So what if you have a common name and no special skills? Well… You Might Be Special by Kerri Kokias, illustrated by Marcus Cutler, puts you to the test. If you feel different from others you can take a quiz to make sure you are not a unicorn, or a dragon. And if you are none of these… then you are special because you are you! A fun book to share out loud with young readers who are special. ISBN 978-1-5253-0333-3, Kids Can Press

Margriet Ruurs is a Canadian author of over 40 books for children. She conducts author presentations at international schools and shares her travel stories here:

I Am Not a Moth and My Keys are Not Missing

Over thirty thousand people evacuated and a thousand homes ablaze in Colorado at the end of December? Difficult as it may be to believe, such impacts of climate change are predicted to be increasingly felt, unless we as a species move out of the heaving blackness and entrapment of the Anthropocene. That worldview which is dominated by a false dogma.  The one where drunken humans believe themselves to be at the very core of existence. Pivotal to the necessary upheaval and shift in human consciousness is a transcendence beyond activism and into action. 

The past few days, I coincidentally came across two very similar jokes. The first about a moth who goes into a podiatrist’s office. When asked about his problem, the response is a long-winded account of all of his troubles. Amongst these is tragic loss and cowardice.  The punchline comes when the doctor suggests the moth see a psychiatrist instead and asks why the moth came to a foot specialist. 

“Cause the light was on!” 

How many of us are similarly drawn to whatever glitters, speaks loudest, or successfully garners our attention? A currently trending stirring satirical film on Netflix called, “Don’t Look Up” does a fantastic job depicting this. The plot centers on how a planet-killing comet imminently hurtles toward earth and yet politics, economics, and society’s addiction to the frivolous divide the world.  Stall followed by avarice, are the only response offered.  Parallels might be drawn between the inappreciable ground gained (or lost!) since the 2015 Paris Climate Change talks.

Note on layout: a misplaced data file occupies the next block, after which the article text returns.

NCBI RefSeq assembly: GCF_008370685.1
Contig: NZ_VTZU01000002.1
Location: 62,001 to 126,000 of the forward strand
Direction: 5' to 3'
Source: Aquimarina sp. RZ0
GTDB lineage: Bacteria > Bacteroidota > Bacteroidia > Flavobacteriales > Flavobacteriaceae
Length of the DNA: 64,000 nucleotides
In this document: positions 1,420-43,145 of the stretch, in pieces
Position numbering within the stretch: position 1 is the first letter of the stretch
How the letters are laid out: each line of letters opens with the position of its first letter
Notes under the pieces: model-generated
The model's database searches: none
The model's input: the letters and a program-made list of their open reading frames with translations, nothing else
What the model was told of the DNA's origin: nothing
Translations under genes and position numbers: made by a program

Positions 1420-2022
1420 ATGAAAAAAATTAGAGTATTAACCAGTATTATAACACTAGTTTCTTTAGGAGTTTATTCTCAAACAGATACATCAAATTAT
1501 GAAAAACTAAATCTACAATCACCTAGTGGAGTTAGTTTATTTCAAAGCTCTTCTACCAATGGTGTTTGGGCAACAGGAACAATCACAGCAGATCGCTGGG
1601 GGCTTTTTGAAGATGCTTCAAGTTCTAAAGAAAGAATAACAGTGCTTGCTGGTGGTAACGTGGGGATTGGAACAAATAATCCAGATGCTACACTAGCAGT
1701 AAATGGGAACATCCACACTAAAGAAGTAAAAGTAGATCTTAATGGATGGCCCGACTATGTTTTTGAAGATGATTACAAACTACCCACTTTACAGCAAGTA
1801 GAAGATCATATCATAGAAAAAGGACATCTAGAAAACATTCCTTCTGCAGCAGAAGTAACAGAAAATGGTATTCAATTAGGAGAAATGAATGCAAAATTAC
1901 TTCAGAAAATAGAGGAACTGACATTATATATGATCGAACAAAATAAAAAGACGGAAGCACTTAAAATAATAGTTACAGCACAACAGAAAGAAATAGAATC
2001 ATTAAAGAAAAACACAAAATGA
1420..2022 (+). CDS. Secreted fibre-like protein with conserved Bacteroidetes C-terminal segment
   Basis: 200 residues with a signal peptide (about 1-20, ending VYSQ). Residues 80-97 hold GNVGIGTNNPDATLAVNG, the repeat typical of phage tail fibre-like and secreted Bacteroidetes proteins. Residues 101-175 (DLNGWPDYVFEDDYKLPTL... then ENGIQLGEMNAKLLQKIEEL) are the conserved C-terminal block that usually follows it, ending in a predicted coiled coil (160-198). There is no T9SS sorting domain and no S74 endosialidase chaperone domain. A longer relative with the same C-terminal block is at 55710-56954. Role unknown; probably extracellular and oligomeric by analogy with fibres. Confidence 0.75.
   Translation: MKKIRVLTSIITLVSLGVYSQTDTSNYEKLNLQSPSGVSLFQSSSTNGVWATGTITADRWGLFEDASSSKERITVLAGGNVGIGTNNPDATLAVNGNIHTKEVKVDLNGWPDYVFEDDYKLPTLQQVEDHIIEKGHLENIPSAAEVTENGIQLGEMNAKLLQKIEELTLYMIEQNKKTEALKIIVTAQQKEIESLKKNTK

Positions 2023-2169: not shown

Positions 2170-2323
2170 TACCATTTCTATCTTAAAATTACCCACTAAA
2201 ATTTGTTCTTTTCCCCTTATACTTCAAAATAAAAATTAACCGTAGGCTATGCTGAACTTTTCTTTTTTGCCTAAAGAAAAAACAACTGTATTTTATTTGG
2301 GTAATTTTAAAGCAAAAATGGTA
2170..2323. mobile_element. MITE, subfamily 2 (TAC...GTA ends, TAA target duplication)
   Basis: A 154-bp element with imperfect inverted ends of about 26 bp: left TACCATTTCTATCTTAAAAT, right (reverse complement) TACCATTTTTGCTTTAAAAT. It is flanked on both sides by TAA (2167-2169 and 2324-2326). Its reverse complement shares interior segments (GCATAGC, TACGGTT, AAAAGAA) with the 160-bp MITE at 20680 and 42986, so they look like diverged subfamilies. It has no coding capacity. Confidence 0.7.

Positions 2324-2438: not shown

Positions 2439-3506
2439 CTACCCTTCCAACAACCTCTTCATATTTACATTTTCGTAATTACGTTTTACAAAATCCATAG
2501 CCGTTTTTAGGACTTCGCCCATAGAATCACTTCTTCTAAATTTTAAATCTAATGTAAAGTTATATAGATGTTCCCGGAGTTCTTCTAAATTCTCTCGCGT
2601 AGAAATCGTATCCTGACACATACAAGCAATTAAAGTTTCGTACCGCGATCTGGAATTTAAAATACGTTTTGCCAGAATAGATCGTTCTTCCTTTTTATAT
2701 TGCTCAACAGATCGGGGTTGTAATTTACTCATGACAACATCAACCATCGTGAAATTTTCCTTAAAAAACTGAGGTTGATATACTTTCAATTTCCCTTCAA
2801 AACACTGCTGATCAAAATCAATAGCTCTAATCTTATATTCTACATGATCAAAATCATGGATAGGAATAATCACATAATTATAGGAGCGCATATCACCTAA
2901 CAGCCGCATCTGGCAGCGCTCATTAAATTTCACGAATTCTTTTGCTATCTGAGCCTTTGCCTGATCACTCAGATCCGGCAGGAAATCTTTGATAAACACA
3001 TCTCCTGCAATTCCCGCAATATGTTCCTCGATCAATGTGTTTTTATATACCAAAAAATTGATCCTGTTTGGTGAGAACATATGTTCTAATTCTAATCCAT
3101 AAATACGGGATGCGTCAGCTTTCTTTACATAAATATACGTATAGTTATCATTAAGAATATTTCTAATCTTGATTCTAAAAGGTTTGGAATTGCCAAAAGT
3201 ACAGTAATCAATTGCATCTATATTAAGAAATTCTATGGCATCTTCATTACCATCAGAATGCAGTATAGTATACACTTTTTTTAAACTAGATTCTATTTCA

The second joke, actually stemming from a 13th century parable, also involves light.  A helpful police officer questions a man on all fours hunting for his lost keys under the streetlamp. “Are you sure you dropped your keys here?” 

“No, I am sure I lost them across the street.”

Dismayed, the officer inquires, “Then, why do you search here?”  

“Because the light is much better here.”

Doing Something Different

People’s propensity to search in easier places than those which are likely to honestly yield results being the crux of the joke.  Yet, laughter aside, both jokes contain truth at the core. In vulnerability, I consider my own experience. One which in the past may have been quick to step out on a ledge, even to select “adventurer” as one of three words to define myself. Yet, the moth in me began to be drawn into the known, the comfortable, and the compliant.  Foolery. Or, like the man in search of his keys I seemingly began to illogically camp under the light of a 20 watt bulb instead of under the myriad miracles of the skies.   ​

Obviously, I am not a moth and my keys are not missing.  Yet from time to time I think about how at one training a gong was struck, followed by a call to “do something different!” Anchored by an excitement for uncertainty and a wellspring of curiosity I am ready to do something different. Fussing over school standards or lunch duty responsibilities seemingly dilutes the larger sense of purpose I feel. Especially when I consider how indubitably countries, businesses, and schools are continually shifting. Human consciousness beginning to result in action.

Net-Zero Cannot Wait

Net-zero is a critical concept rightly abuzz. It occurs when the amount of greenhouse gas emitted is no greater than the amount removed from the atmosphere. Measuring carbon emissions is important because it has an effect on global warming.  The Intergovernmental Panel on Climate Change reported how a planetary warming of 1.5 degrees Celsius “would be an unacceptably high risk, potentially resulting in major extinctions, more severe droughts and hurricanes, a watery Arctic, and an increased toll on human health and well-being.”  See: Colorado fires at the start of this article. 

Many countries have committed to reaching “net-zero” by midcentury.  Indonesia and Saudi Arabia by 2060.  And India by 2070.  Not only does each lack a detailed plan for how to achieve this, a band-aid will not help resuscitate like an AED.  Thankfully, there are bolder approaches being taken. The Kingdom of Bhutan was ahead of the times when back in 2009, they achieved net-zero. Further the country promised to remain carbon neutral for time  immemorial but in effect progressed and became carbon negative. Little wonder exists if a correlation can be made between Bhutan’s love of the planet and the country’s choice to measure gross national happiness (GNH) as opposed to GDP.